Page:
Notes:Ell^p(C) is complete for p between one and positive infinity inclusive

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[ilmath]\forall p\in[1,+\infty]\subseteq\overline{\mathbb{R} } [/ilmath] the space [ilmath]\ell^p(\mathbb{C})[/ilmath] is complete.



Lemma 1:

  • Let [ilmath](\mathbf{x}_n)_{n\in\mathbb{N} }\subseteq\ell^p(\mathbb{C})[/ilmath] be given
    • Suppose [ilmath](\mathbf{x}_n)_{n\in\mathbb{N} } [/ilmath] is a Cauchy sequence
      • Write them out as follows:
        [ilmath]\begin{array}{ccccc} \mathbf{x}_1 & \eq & (x_1^m)_{m\in\mathbb{N} } & \eq & x_1^1,\ x_1^2,\ \ldots ,\ x_1^k,\ \ldots \\ \mathbf{x}_2 & \eq & (x_2^m)_{m\in\mathbb{N} } & \eq & x_2^1,\ x_2^2,\ \ldots,\ x_2^k,\ \ldots \\ \vdots \end{array}[/ilmath]
      • Now consider the [ilmath]k^\text{th} [/ilmath] column of this table, this gives us the sequence: [ilmath](x_m^k)_{m\in\mathbb{N} } [/ilmath]
        • We claim that [ilmath](x_m^k)_{m\in\mathbb{N} } [/ilmath] is a Cauchy sequence itself

Lemma 2:

Let [ilmath](X,d)[/ilmath] be a metric space, then [ilmath]A\in\mathcal{P}(X)[/ilmath] is bounded in [ilmath]X[/ilmath] if and only if:

  • [ilmath]\forall x\in X\exists C\in\mathbb{R}_{>0}\forall a\in A[d(a,x)\le C][/ilmath]

Proof body

  • Let [ilmath]p\in[1,+\infty]\subseteq\overline{\mathbb{R} } [/ilmath] be given.
    • Let [ilmath](\mathbf{x}_n)_{n\in\mathbb{N} }\subseteq\ell^p(\mathbb{C})[/ilmath] be a Cauchy sequence in [ilmath]\ell^p(\mathbb{C})[/ilmath]
      • By lemma 1, we obtain, for each [ilmath]k\in\mathbb{N} [/ilmath] the sequence: [ilmath](x_m^k)_{m\in\mathbb{N} } [/ilmath] and we know this is Cauchy
      • As [ilmath]\mathbb{C} [/ilmath] is a complete metric space -
        TODO: link to this
        - we see that [ilmath](x_m^k)_m[/ilmath] converges
        • For [ilmath]k\in\mathbb{N} [/ilmath] define: [math]t_k:\eq\lim_{m\rightarrow\infty}(x^k_m)[/math] which we have just established exists
          • Define [ilmath]\mathbf{t}:\eq(t_1,\ldots,t_k,\ldots)[/ilmath] - a sequence
            • We claim that:
              1. [ilmath]\mathbf{t}\in\ell^p(\mathbb{C})[/ilmath]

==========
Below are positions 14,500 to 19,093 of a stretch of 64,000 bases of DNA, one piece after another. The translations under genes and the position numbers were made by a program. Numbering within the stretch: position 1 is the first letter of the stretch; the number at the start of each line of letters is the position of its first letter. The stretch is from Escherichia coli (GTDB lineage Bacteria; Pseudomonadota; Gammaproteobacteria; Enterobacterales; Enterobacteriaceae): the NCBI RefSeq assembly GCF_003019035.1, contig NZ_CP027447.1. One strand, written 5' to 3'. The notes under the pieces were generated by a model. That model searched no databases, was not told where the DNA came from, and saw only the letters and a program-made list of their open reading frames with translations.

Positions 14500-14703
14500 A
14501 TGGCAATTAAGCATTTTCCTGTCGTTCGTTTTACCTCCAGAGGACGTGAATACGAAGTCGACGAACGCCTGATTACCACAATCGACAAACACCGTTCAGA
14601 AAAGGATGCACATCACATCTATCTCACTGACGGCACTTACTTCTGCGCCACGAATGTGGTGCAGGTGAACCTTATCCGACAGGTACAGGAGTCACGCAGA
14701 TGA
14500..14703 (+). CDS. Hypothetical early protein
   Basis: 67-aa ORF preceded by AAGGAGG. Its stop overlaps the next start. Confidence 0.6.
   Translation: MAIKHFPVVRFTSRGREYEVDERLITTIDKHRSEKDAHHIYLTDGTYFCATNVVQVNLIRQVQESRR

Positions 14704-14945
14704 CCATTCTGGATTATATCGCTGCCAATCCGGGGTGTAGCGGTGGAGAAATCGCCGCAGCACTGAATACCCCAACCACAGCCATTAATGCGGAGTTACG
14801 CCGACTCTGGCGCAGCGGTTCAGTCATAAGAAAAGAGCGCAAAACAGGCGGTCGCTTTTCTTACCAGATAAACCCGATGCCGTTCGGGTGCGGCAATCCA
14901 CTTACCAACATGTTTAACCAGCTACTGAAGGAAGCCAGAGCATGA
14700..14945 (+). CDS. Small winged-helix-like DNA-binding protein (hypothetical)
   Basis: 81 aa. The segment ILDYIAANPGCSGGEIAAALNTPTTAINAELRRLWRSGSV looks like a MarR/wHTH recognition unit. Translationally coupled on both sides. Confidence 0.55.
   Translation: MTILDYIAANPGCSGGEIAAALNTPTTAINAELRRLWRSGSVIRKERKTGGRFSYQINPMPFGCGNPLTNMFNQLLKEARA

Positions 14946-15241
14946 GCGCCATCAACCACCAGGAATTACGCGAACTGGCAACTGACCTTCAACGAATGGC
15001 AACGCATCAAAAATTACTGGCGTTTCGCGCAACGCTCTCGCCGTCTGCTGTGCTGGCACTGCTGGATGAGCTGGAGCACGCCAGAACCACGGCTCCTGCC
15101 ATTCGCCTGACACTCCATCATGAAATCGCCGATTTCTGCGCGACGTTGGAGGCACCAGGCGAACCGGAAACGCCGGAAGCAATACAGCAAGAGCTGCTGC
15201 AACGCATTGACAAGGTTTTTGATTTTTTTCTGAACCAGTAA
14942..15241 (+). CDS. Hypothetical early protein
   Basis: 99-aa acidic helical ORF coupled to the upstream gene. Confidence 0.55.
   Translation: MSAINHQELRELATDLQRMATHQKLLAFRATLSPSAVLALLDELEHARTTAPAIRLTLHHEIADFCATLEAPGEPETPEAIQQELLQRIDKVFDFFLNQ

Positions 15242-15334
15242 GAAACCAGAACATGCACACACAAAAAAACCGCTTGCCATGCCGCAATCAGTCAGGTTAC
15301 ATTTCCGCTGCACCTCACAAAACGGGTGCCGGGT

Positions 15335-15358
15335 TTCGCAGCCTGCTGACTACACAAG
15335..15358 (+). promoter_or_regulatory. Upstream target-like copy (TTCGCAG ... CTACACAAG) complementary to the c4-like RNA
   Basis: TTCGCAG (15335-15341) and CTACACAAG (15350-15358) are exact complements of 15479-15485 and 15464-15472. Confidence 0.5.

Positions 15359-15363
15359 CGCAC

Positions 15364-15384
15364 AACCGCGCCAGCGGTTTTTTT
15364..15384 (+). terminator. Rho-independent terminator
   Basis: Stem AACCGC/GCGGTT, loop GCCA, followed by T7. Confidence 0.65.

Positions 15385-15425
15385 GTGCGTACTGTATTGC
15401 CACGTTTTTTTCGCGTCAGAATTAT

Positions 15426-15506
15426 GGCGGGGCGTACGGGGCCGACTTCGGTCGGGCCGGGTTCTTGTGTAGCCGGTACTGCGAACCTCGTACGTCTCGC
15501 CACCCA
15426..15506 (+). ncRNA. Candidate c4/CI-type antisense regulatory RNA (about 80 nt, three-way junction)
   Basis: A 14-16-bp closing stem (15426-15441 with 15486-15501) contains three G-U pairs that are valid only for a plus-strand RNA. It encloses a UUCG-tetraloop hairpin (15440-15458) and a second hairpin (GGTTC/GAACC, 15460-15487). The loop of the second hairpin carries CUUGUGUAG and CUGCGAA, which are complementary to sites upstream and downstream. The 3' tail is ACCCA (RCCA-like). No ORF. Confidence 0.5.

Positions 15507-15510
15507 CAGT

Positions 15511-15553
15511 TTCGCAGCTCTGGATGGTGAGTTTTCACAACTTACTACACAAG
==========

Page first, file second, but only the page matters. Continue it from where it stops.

2. [math]\lim_{n\rightarrow\infty}(\mathbf{x}_n)\eq\mathbf{t} [/math]
            • Proof:
              1. That [ilmath]\mathbf{t}\in\ell^p(\mathbb{C})[/ilmath]
                • Let [ilmath]\epsilon>0[/ilmath] be given
                  • Since [ilmath](\mathbf{x}_n)_n[/ilmath] is Cauchy there exists [ilmath]N'\in\mathbb{N} [/ilmath] such that [ilmath]\forall n,m\in\mathbb{N}[n>m\ge N\implies d(\mathbf{x}_m,\mathbf{x}_n)<\epsilon][/ilmath] Caveat:Or equivalent definition of Cauchy sequence - I initially used [ilmath](m\ge N\wedge n\ge N)\implies d(\ldots[/ilmath]
                  • Warning:"Also [ilmath](\mathbf{x}_n)_n[/ilmath] is bounded - that's all I've written.
                    • Thus, by lemma 2, [ilmath]\exists R\in\mathbb{R}_{>0}\forall n\in\mathbb{N}[d(x_n,(0,\ldots,0,\ldots))<R][/ilmath]
                      • We now show if [ilmath]p\eq +\infty[/ilmath] that [ilmath]\mathbf{t}\in\ell^\infty(\mathbb{C})[/ilmath]
                        • In this case we see that [math]d(\mathbf{x}_n,\mathbf{0})<R\iff\left[\mathop{\text{Sup} }_{i\in\mathbb{N} }\left(\vert x^i_n\vert\right)<R\right][/math]
                          • Hence by definition of [ilmath]\mathbf{t} [/ilmath]'s elements:
                            • [math]\forall i\in\mathbb{N}\left[\vert t_i\vert\eq \lim_{n\rightarrow\infty}\left(\vert x_n^i\vert\right)\le R\right][/math]
                              • "Thus [ilmath]\mathbf{t}\in\ell^\infty(\mathbb{C})[/ilmath]" - all I've written.
              2. We now wish to show limit bit.
                • Notice that [ilmath]d(\mathbf{x}_n,\mathbf{x}_m)<\epsilon\iff \big\vert x_n^i-x_m^i\vert<\epsilon[/ilmath]
                  • Fix [ilmath]m\ge N[/ilmath], then let [ilmath]n\rightarrow\infty[/ilmath] to obtain: [math]\forall i\in\mathbb{N}[\vert t_i-x_m^i\vert\le\epsilon][/math]
                    • Since [ilmath]m\ge N[/ilmath] was arbitrary we see: [math]\forall m\in\mathbb{N}\left[m\ge N\implies \mathop{\text{Sup} }_{i\in\mathbb{N} }(\vert t_i-x_m^i\vert)\le\epsilon\right][/math]
                      • Since [ilmath]\epsilon>0[/ilmath] was arbitrary it follows that [ilmath](\mathbf{x}_n)[/ilmath] converges in [ilmath]\ell^\infty(\mathbb{C})[/ilmath] to [ilmath]\mathbf{t} \in\ell^\infty(\mathbb{C})[/ilmath]